The whole idea is to look at the already existing feedback mechanism and revise them and teach a humanitarian organization how to make really true feedback loops. It's literally building the capacity of humanitarian organizations that are really spending money to set up information hubs or whatever it might be and really teach them: “OK you want to spend money and you want to put in resources, this is great.” Let us teach you how to actually do it properly rather than having a ticked box and saying, “Well you know I have an information hub in the camp, so I'm done with communication with communities.”

Then what?

And that's the other thing. If you get feedback from the community and you informed the community into your programs, then you need to have flexibility both on the budget side and on the programmatic side to adapt your programs to the feedback. So if you decide you're going to build seven schools and the community comes back and say we don't want seven schools we want three schools and four clinics, you need to have a mechanism to be able to go back to your donors and say actually we discussed this with the community and we think we should do three schools and two clinics … Then the donor needs to give you the flexibility to be able to do that right. So I think that until people really understand that communication with communities is supposed to have an impact on your program design and implementation, then it's going to be really hard for them to do it and they find it really difficult.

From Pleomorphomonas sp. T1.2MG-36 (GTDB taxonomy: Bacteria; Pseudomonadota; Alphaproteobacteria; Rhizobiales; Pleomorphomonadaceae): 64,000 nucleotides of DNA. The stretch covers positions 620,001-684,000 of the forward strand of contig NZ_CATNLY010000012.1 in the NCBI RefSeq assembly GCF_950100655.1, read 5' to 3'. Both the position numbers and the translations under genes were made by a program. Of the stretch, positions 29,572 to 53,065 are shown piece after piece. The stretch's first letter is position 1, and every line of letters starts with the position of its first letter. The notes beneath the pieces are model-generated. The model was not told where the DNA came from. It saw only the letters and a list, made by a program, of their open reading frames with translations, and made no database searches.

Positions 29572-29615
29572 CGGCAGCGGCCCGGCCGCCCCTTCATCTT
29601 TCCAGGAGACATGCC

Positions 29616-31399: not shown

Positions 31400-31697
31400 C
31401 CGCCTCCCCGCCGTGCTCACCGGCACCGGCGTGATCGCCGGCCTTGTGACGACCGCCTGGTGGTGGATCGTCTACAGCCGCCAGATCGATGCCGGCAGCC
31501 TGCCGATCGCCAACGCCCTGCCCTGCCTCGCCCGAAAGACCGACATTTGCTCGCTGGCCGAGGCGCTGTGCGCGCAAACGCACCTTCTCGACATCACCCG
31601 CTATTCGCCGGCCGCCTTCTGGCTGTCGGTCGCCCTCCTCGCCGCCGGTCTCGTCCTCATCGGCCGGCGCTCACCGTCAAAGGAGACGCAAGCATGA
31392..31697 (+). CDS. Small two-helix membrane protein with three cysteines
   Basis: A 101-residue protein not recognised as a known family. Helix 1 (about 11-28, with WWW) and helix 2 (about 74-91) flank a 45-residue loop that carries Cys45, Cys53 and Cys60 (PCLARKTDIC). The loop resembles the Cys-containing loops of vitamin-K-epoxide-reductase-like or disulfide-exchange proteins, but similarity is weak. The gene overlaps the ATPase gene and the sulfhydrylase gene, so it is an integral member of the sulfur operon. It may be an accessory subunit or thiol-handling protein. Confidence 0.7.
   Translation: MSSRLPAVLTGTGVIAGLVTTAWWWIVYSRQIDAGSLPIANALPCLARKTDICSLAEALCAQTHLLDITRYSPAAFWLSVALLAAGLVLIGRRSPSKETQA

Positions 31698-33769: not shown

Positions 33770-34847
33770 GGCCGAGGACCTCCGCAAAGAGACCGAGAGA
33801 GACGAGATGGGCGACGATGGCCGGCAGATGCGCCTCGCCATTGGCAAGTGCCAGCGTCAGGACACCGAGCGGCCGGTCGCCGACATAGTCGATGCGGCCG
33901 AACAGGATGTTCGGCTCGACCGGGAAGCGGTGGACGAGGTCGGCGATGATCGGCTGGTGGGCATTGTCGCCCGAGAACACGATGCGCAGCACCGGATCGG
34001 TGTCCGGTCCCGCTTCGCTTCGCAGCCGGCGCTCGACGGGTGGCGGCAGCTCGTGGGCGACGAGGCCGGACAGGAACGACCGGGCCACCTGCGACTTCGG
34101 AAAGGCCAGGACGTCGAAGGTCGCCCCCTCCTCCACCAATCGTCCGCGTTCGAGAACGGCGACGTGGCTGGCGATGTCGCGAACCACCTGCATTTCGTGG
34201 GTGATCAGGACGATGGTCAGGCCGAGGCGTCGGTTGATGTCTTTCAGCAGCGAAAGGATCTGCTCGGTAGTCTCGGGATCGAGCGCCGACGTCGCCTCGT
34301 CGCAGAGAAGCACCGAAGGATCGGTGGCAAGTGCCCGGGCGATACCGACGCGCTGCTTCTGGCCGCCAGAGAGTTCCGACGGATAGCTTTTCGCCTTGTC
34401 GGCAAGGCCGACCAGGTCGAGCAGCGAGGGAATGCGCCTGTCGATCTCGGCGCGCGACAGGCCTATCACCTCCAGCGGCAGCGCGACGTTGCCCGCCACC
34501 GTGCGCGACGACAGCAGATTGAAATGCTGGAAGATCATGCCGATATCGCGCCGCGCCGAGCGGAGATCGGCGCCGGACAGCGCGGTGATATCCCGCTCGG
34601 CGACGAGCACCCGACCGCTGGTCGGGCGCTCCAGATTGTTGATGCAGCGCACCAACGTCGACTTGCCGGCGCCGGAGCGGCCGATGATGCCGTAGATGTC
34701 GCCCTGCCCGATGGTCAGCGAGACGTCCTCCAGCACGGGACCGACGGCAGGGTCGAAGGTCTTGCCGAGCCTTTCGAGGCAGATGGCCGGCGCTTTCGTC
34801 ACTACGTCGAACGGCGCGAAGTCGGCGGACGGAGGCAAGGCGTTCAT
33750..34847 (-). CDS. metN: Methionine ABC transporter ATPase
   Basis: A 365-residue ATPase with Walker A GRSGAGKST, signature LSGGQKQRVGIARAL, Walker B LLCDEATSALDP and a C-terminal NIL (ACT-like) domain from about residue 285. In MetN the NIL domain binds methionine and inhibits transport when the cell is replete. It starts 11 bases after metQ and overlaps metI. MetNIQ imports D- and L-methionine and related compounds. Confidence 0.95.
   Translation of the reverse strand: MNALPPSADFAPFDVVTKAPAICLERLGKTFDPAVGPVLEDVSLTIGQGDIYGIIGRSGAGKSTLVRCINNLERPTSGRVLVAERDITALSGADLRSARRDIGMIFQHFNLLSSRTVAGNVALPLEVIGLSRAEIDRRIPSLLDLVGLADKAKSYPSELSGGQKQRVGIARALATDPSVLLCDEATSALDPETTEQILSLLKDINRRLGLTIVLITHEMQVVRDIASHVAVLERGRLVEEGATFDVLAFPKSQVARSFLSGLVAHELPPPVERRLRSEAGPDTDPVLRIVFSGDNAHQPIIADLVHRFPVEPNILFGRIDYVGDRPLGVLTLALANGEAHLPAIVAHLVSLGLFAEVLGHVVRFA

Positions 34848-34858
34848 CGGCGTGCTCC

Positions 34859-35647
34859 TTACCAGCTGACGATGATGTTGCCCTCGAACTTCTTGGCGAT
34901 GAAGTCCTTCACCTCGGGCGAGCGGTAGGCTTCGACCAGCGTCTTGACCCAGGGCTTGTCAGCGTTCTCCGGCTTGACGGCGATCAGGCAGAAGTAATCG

We also need people to be a lot more aware about all of the potential that they're missing here to make changes.